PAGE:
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Urgent work needed to fund vaccine trials

Friday June 10th, 2011

A British paediatrician is leading calls for increased funding to develop 20 vaccines over the next ten years – and says developing nations must contribute.

Writing in The Lancet, Professor Richard Moxon, from the University of Oxford and John Radcliffe Hospital, Oxford, England, and colleagues have identified four key elements that need to be prioritised to halt vaccine preventable diseases.

The authors, who contributed to a series of features about vaccines for the medical journal, said there was a need for intensive research and development of phase 3 trials for such diseases as TB, Aids and malaria.

“We need to find the requisite funds for the research and development of about 20 improved or novel vaccines in the next decade and beyond,” they write.

“Several tropical diseases are inexcusably neglected, including leprosy, trachoma, onchocerciasis, lymphatic filariasis, leishmaniasis, and common helminthic infections such as hookworm.

“We must also consider vaccines beyond classic infections, such as insulin-dependent diabetes, cancers, and degenerative diseases."

The authors also call on developing countries to shoulder more responsibility when it comes to financing vaccination programmes.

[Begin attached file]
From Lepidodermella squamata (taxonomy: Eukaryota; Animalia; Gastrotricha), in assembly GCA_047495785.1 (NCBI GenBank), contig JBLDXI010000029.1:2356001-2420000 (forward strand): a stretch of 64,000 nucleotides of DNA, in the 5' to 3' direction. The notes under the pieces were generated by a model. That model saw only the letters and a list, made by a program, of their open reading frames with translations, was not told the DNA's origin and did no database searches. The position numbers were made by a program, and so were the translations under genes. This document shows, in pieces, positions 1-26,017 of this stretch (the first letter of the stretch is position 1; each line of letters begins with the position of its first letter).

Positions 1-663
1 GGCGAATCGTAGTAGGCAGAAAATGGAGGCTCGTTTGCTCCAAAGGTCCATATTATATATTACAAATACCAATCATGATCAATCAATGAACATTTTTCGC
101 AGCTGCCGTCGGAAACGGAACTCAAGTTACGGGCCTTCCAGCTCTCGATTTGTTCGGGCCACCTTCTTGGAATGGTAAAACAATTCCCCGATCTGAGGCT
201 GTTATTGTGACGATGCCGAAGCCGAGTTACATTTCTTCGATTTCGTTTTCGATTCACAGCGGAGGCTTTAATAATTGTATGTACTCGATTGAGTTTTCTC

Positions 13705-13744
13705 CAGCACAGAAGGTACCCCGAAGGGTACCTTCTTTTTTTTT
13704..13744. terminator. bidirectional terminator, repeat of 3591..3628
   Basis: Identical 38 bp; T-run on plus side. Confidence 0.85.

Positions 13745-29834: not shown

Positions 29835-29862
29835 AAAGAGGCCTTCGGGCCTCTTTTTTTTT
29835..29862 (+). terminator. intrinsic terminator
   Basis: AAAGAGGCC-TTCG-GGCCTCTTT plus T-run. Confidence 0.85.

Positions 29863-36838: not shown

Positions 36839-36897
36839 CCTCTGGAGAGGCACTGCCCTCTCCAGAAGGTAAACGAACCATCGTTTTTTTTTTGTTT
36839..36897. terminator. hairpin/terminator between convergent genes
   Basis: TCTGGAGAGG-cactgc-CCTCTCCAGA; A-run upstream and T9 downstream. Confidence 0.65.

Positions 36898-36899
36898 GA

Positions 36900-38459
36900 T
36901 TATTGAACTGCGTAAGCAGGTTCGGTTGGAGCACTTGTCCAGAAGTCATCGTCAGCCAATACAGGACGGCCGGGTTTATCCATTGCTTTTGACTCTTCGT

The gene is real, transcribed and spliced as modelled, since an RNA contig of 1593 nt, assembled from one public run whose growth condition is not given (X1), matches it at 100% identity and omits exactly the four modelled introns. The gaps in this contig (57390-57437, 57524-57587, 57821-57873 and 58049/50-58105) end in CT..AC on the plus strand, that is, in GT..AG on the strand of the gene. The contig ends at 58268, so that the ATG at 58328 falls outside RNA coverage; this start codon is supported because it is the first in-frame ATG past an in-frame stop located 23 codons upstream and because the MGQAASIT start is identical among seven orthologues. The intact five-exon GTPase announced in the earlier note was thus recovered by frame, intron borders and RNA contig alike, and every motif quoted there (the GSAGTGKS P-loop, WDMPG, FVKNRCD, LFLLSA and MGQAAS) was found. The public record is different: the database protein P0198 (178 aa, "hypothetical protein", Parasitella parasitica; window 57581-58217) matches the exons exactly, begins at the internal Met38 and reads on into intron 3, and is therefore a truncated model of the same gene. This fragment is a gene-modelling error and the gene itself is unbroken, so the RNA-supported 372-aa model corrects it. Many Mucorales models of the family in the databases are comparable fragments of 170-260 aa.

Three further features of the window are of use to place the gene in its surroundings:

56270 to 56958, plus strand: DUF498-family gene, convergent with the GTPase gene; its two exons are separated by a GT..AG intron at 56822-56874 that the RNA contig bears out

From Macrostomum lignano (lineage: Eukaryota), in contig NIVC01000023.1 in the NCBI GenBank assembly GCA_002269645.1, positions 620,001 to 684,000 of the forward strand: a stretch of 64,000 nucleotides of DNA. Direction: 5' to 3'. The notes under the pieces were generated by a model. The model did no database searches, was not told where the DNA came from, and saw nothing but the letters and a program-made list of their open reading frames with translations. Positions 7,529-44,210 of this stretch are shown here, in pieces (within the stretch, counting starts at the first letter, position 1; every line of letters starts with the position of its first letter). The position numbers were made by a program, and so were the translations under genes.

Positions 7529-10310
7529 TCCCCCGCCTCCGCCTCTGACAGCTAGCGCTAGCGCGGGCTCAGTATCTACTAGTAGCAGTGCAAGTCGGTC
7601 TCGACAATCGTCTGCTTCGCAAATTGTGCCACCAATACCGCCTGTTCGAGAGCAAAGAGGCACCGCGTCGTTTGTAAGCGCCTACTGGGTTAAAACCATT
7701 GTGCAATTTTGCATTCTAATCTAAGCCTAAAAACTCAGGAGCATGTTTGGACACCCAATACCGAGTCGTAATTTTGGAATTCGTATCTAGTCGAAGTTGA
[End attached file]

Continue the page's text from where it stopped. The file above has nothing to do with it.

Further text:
“Most developing countries accord too low a priority to health in their budgets,” they claim.

“They must be persuaded to take more of the burden themselves on behalf of their poorer citizens."

Consistency and strong leadership is another key to the success of vaccination programmes, they say.

Although Unicef and the GAVI Alliance have a distinguished track record in advocacy, longer-term strategies are required.

“Any successful movement in global health needs a defining idea around which to mobilise,” write the authors.

A more concerted effort is also needed to gain the trust and confidence of the public, decision-makers and health professionals about the benefits of vaccines.

“If trust and confidence in vaccines is not secure, our efforts to advocate increased resources to make possible the necessary research, development, and supporting clinical investigation will be a bridge too far,” they say.

The Lancet series has been published to coincide with the GAVI Alliance pledging conference, which takes place on Monday, June 13, 2011, in London.

Tags: Child Health | Flu & Viruses | UK News | World Health

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